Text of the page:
Polystyrene foam, also called thermacol, commonly used to package consumer goods will be phased out in Australia by mid-2022 as part of a national plan to combat mounting plastic waste.
Conservation groups have welcomed many aspects of the plan, which also includes an end to polystyrene food and beverage containers by the end of 2022, but also criticised its largely voluntary approach to reaching ambitious goals, calling for those targets to be mandated.
The Morrison government also announced it would support “coordinated global action to address marine plastic” through the United Nations, which is developing a treaty on the issue.
The National Plastics Plan, launched in Brisbane by the federal environment minister, Sussan Ley, and the assistant minister for waste reduction and environmental management, Trevor Evans, also included targets to cut plastic pollution from washing machine outflows and from cigarette butts.
By July 2022, Australia should have phased out plastic packaging products that do not meet compostable standards, as well as polystyrene used in loose and moulded forms for a wide range of consumer goods.
By December 2022, polystyrene should be gone from food and beverage containers, and PVC packaging labels will also have been phased out, the plan said.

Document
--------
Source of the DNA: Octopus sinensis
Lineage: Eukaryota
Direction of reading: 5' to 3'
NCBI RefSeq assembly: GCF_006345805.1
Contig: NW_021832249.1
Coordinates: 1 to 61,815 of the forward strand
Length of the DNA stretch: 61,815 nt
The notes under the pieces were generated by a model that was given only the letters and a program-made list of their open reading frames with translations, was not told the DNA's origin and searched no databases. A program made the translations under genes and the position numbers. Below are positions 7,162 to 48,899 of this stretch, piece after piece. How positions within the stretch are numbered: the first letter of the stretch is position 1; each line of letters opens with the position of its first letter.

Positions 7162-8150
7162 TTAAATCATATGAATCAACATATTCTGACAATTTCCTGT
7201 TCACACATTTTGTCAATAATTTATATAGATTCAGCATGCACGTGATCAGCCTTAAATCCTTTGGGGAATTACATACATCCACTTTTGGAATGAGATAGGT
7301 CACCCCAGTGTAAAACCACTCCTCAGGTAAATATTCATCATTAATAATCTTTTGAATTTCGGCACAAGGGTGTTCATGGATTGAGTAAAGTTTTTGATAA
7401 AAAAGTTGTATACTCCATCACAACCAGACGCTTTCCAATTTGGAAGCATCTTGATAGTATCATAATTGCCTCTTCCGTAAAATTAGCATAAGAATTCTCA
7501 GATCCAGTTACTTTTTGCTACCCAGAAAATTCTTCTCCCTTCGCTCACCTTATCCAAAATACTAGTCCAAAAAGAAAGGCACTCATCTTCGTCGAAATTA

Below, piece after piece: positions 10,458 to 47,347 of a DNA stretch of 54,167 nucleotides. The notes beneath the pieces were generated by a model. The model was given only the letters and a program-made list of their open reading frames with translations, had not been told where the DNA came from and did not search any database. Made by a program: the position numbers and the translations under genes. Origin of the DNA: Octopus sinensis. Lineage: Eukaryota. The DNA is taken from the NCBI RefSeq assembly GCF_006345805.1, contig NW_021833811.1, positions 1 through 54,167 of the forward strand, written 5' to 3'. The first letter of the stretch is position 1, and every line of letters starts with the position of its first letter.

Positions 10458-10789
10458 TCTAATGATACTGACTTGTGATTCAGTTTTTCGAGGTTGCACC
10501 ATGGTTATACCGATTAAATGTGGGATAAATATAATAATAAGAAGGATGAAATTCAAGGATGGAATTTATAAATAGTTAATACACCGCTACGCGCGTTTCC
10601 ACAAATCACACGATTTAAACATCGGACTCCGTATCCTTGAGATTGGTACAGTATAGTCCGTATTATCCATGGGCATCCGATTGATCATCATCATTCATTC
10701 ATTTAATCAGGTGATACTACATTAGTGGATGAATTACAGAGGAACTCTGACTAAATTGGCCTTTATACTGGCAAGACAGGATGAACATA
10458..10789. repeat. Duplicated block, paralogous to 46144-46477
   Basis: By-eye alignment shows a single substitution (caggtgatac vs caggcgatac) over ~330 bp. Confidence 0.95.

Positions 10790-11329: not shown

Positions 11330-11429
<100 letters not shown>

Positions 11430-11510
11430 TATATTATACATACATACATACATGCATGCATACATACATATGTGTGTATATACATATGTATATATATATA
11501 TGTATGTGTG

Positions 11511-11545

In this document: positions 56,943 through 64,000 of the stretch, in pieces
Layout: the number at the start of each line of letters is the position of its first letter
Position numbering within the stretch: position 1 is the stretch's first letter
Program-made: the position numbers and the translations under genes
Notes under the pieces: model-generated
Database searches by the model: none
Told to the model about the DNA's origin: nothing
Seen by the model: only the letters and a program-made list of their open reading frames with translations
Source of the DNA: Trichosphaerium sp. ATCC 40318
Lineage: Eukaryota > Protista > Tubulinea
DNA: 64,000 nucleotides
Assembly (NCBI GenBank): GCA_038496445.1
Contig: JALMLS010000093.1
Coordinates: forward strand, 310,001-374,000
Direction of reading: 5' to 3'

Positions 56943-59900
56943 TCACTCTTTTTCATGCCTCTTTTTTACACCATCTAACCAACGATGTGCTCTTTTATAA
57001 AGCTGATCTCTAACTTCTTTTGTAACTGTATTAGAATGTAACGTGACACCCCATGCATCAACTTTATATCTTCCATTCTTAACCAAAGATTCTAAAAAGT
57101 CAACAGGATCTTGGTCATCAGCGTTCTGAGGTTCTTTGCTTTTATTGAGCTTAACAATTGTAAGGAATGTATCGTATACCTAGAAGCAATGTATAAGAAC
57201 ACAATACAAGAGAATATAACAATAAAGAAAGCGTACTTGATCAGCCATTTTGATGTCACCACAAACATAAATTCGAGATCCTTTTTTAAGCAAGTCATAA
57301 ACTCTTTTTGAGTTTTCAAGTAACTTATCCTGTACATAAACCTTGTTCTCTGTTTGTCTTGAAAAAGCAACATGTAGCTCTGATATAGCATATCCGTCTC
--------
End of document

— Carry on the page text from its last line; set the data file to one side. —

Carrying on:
She said plastic bottles, packaging and consumer goods were creating “mountains of pain” for the environment.
A spokesman for Ley said she expected industry to voluntarily meet the deadlines but the government reserved the right to regulate if needed.
WWF-Australia said the plan’s 38 actions were a breakthrough in tackling plastic pollution.
The government said it would work with industry to have microfibre filters fitted to all washing machines sold in Australia by 2030.
WWF’s plastics campaigner, Katinka Day, said it would put Australia at the forefront of efforts to cut microfibre waste but noted the target was nine years away and called on washing machine companies to move faster.
One study suggested up to 1.5m microplastic fibres were released when clothes from synthetic fibres were washed.
The government has previously announced targets for 2025 including that all packaging be “reusable, recyclable and compostable”, 70% of plastic packaging be recycled or composted and packaging materials have an average of 50% recycled content.
Day said the voluntary approach would not work and a “strong regulatory target” was needed. Evans disagreed, arguing the cosmetics and personal care industry’s voluntary phase-out of microbeads in products showed the voluntary approach could work.